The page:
All you need to know about Conor Bradley, already catching Klopp’s eye
The news that Liverpool‘s Neco Williams will push to leave the club this summer could open up a pathway for their highly-regarded academy prospect Conor Bradley to make it into Jurgen Klopp’s first-team.
The Athletic report that Wales international Williams, 20, is looking to move elsewhere in search of more regular first-team opportunities. Liverpool will demand £10million, but may not sign anyone else to provide cover for Trent Alexander-Arnold at right-back with Joe Gomez able to cover the position and Bradley catching Klopp’s eye.
Here’s everything you need to know about the rising star.
The story so far
Born and raised in County Tyrone, Northern Ireland, Bradley developed his skills at local clubs – St. Patrick’s FC, Dungannon United and Dungannon Swifts – as a teenager before arriving at Liverpool on a two-year academy scholarship in 2019.
A year into the scholarship, a couple of weeks after his 17th birthday, the Northern Ireland youth international signed professional terms with the Reds. He remains contracted until 2023.
The 2020-21 season saw him feature regularly in Liverpool’s youth ranks, with 14 appearances for the Under-23s in the Premier League 2 and five appearances for the Under-18s in the FA Youth Cup, featuring in wins over Manchester United, Leicester, Arsenal and Ipswich before a defeat to Aston Villa in the final.
In 2018, he captained Northern Ireland’s Under-16s to win the Victory Shield, a youth tournament that also features the Republic of Ireland, Wales and Scotland, before making the step-up to the Under-17s. Bradley won a first senior cap as an 85th-minute substitute for Leeds United’s Stuart Dallas in a friendly against Malta in May 2021.
The 17-year-old caught the eye back in Northern Ireland as a chalk-on-the-boots right-winger, but he’s been moved back to right-back since arriving on Merseyside.
He scored two goals and registered one assist in 10 appearances in the Under-18s Premier League in 2019-20 before notching one goal and one assist in the Premier League 2 in 2020-21.
Before arriving at Kirkby, Bradley’s athleticism and ability to get about the pitch stood out, making him a natural candidate to one day make it playing Klopp’s football. He’s also been praised for his positional awareness, with a good understanding of tactical instructions.
What he’s said
“It wasn’t just because I support them, it was because they’re a real family club and that’s something we all really appreciate,” he said of his decision to join Liverpool, amid interest from Chelsea, Manchester United and Southampton.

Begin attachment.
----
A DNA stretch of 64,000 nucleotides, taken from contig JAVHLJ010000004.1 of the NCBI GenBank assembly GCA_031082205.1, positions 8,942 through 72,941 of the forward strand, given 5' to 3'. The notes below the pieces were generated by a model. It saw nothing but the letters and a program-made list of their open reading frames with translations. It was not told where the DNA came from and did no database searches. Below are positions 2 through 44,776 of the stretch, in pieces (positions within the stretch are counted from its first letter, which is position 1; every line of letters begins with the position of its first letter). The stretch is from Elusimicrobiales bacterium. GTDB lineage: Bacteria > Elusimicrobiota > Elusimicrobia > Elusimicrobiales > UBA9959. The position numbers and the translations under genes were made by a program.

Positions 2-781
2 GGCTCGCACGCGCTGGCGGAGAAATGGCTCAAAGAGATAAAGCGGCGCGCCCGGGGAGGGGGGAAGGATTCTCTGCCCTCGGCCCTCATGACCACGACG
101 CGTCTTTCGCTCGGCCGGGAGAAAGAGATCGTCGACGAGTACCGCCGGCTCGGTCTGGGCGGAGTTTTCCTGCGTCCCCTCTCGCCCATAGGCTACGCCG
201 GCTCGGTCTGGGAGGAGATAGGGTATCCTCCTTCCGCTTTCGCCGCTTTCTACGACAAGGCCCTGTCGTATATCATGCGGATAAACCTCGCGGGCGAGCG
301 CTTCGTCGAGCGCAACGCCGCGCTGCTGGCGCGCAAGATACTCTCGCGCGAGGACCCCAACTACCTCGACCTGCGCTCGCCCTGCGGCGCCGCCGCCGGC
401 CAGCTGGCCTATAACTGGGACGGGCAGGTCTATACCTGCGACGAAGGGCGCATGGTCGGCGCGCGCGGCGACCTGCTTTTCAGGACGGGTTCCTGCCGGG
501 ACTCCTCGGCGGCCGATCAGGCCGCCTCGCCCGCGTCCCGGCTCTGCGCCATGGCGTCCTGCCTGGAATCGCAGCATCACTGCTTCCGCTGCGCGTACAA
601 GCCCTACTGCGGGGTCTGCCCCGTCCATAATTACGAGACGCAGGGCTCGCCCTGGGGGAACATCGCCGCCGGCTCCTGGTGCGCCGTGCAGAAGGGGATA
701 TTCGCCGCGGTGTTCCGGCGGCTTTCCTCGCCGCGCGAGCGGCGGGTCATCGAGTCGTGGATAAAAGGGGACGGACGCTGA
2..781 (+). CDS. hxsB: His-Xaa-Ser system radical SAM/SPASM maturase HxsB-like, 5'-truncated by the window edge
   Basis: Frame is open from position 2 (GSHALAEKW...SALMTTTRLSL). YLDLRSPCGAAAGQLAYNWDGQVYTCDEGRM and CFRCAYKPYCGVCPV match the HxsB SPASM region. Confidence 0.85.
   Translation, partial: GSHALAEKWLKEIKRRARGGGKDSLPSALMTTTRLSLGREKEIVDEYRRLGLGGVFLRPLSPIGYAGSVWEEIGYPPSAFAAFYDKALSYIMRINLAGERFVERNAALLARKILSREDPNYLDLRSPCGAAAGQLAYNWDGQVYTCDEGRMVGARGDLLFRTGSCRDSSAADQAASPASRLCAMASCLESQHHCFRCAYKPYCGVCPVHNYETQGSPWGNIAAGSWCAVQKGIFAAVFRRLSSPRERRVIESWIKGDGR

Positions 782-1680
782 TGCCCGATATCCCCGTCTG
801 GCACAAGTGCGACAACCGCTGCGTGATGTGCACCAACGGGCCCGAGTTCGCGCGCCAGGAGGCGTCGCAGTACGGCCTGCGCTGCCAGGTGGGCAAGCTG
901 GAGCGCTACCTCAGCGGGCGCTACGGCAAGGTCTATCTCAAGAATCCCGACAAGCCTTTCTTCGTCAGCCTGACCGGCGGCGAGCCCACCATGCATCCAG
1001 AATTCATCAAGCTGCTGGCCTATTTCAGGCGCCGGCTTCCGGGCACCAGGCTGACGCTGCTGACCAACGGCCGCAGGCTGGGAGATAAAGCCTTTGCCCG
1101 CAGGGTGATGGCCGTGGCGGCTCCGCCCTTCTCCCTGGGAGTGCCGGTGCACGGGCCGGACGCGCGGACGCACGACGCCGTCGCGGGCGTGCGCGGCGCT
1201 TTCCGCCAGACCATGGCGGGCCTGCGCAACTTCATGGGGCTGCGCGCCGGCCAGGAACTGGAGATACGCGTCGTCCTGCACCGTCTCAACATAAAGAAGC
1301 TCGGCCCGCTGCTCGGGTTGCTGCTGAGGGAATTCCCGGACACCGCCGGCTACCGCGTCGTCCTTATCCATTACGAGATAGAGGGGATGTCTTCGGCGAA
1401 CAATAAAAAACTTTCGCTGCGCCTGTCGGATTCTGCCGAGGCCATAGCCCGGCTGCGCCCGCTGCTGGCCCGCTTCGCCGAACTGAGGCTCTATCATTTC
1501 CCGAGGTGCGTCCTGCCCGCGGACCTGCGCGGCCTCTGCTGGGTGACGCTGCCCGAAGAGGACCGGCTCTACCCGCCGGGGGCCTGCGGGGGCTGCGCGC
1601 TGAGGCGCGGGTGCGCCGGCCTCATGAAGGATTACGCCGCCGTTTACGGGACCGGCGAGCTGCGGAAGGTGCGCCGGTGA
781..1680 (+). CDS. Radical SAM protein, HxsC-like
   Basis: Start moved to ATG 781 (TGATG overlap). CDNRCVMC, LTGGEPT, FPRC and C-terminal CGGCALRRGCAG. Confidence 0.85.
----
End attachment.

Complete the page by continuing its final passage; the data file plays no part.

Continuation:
“They’re also keen on the education side of it, which is very important to me.”
What’s been said
– “A three-year deal is a bit of a statement, it speaks for itself really,” his former youth scout Cliff Ferguson told the Belfast Telegraph. “But if there’s any kid that will take things in his stride it’s Conor.
“Conor was really, really easy to identify. He’s a great mover – a really athletic kid.
“The player’s talent gets them to Liverpool, that’s a given, but the rest is down to attitude and Conor’s will to win stood out even at nine years old. That’s the best thing for me.
“Where I maybe took Conor for granted is tactically. He’s excellent. He takes information on board and makes himself a better player.
“He’s really, really good that way. He must be a manager’s dream because he does everything and fulfils his role to the letter.”
– “No” was The Athletic’s James Pearce response to questions of whether Liverpool will sign a right-back if Williams leaves, before namechecking Bradley.
“Joe Gomez, who is on the comeback trail after injury, can provide cover for Alexander-Arnold at right-back. Klopp and his staff have also been impressed by the development of academy teenager Conor Bradley.”
– “Conor Bradley is the baby of the group at 17, he’s had a very, very good season for the Liverpool Under-23s, not just the youth team,” Northern Ireland manager Ian Baraclough said after his first international call-up earlier this summer.
“He finished with a bit of disappointment the other night, losing the FA Youth Cup final to Aston Villa. I watched that one, but it was a strong season for the kid. We want to try and develop those players and fast track those we feel are capable of doing that, test them at the next level. We may find at this moment it’s too much but it gives them an idea of what’s needed.”